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Personal Stories: Hannah Was Here

Now more than ever, patients young and old are giving pause before automatically taking prescription medication. The sky isn't falling, but we are big consumers. Acne medications alone treat 50 million people. With the current wrath of unwarranted, serious adverse events being reported, including death, I had to share what I’ve learned.

We all know that Antibiotics over the years have saved countless lives treating minor and major infections, preventing and/or curing them. What was once, a “medical miracle cure”, became commonplace, overused, inappropriately prescribed, and taken improperly. Antibiotics, have led us all to ‘superbug’ concerns.Antibiotics that treat acne, have led my family and countless others to D.R.E.S.S. and changed life forever.

If you haven't heard of Drug Reaction with Eosinophilia and Systemic Symptoms (DRESS) Syndrome, you are not alone.

DRESS syndrome stands for Drug Reaction (or Rash) with Eosinophilia and Systemic Symptoms. The term was coined in a 1996 report in an attempt to simplify terminology for a syndrome recognized as early as 1959. DRESS is an immune-mediated reaction to a drug.Also known as drug-induced hypersensitivity syndrome (DHS).

D.R.E.S.S. symptoms occur 12 weeks after initiation of the prescribed drug and can occur after a dose increase or recur for several weeks after stopping the culprit drug.

Hypersensitivity reactions are unpredictable and not dose-dependent, usually occurring at normally tolerated doses.

In 2011, my healthy teenage daughter Hannah fought and lost a battle too big for anyone. Her diagnosis, Minocycline induced Drug Reaction with Eosinophilia and Systemic Symptoms (DRESS) Syndrome: Myocarditis and Multiple Organ Failure.

Hannah’s heart failed while she was sitting in a doctor’s office. After forty-eight minutes of reviving her at the hospital next door, the team got a pulse and inserted an impella device. She was flown by medicopter to Cedars-Sinai Medical Center in Los Angeles. When she arrived at Cedars, she had no heart beat or pulse. It had ceased upon entering the helicopter. Hannah had fasciotomies, flaying open both her legs; two open heart surgeries; and the loss of all her major organs. She had a BiVAD artificial heart implanted and later removed due to her own heart’s striving for life. She endured hundreds of x-rays, scans, severe starvation, lost her colon and part of her pancreas. I could add more. Hannah was in and out of consciousness until she died 102 days later, two weeks after her seventeenth birthday.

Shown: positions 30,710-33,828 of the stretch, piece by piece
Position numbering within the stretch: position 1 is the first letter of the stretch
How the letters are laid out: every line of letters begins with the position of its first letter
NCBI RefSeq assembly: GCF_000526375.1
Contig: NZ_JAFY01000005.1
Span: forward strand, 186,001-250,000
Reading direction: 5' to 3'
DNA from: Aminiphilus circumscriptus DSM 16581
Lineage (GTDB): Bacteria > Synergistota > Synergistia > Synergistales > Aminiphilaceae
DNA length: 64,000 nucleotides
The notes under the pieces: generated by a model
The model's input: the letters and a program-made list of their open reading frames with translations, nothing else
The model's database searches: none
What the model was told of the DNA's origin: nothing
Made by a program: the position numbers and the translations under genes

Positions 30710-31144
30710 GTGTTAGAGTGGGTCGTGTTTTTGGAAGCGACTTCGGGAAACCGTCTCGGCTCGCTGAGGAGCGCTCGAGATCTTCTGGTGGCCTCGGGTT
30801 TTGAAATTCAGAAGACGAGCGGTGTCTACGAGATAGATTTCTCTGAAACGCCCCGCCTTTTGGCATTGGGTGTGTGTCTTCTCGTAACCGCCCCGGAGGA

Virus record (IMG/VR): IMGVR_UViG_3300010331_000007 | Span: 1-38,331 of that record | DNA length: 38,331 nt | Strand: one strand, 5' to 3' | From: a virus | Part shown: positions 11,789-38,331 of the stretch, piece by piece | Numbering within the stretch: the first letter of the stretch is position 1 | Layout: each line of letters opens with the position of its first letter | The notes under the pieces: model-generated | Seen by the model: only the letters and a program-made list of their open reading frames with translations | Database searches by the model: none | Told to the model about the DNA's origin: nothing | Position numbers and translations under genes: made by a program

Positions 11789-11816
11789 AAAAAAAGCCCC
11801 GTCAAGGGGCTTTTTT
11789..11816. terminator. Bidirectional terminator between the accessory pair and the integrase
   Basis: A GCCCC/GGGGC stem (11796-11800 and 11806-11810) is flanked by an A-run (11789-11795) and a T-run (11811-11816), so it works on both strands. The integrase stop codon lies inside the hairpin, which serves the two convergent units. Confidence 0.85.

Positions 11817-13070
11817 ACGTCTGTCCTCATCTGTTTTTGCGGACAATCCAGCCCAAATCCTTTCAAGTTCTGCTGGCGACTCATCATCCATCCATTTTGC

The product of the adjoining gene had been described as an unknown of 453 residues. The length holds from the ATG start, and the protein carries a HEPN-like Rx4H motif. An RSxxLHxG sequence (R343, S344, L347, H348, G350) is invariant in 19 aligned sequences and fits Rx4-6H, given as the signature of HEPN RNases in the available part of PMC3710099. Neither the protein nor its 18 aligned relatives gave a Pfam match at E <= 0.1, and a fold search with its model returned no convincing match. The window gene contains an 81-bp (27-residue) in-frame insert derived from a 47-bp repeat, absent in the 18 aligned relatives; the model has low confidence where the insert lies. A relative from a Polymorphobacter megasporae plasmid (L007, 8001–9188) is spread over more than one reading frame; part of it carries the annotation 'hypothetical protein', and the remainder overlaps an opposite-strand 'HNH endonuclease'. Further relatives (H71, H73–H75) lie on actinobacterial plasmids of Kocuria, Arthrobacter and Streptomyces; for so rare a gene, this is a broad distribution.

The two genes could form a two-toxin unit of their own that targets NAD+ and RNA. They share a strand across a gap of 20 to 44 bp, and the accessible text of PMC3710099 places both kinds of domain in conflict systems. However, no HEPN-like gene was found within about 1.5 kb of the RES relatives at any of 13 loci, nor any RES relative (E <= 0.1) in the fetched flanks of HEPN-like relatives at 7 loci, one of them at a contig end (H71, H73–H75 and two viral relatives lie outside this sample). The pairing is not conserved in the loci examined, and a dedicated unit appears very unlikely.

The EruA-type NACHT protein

In June 2010, after a multitude of adverse event reports, the FDA conducted and concluded its own investigation into the widely prescribed acne medication. The study found that Minocycline, could and did in fact cause DRESS, Black thyroid, severe lupus, and other autoimmune responses . At the time Hannah took the prescribed drug offered on her first and only appt, the warning of DRESS was not on the label. Now that it is, I’d like to introduce you to the drugs that commonly induce DRESS.

Phenobarbital, Carbamazepine, Phenytoin, Lamotrigine, Minocycline, Sulfonamides, Allopurinol, Modafiniland Dapsone.

Its about risk to benefit, for acne, death doesn't cut it.

What you see:

• Hospitalisation.

• Reaction suspected to be drug related.

• Acute skin rash.

• Fever about 38 degrees Celsius.

• Enlarged lymph nodes at two sites.

• Involvement of at least one internal organ.

• Blood count abnormalities such as low platelets, raised eosinophils or abnormal lymphocyte count.

What you may think:

Mono

Scarlett Fever

D.R.E.S.S is underreported and misdiagnosed.

D.R.E.S.S is powered and hindered by the myth of rare.

To date, education and awareness remain at a true systemic disadvantage, even doctors seem to be in the dark about this potentially life threatening drug reaction, that begs looking under the skin.

Thank you,

Nancy Szakacsy M.S. LMFT

Author of Hannah Was Here: D.R.E.S.S. an alarm that must be heard.

http://dresssyndrome.org

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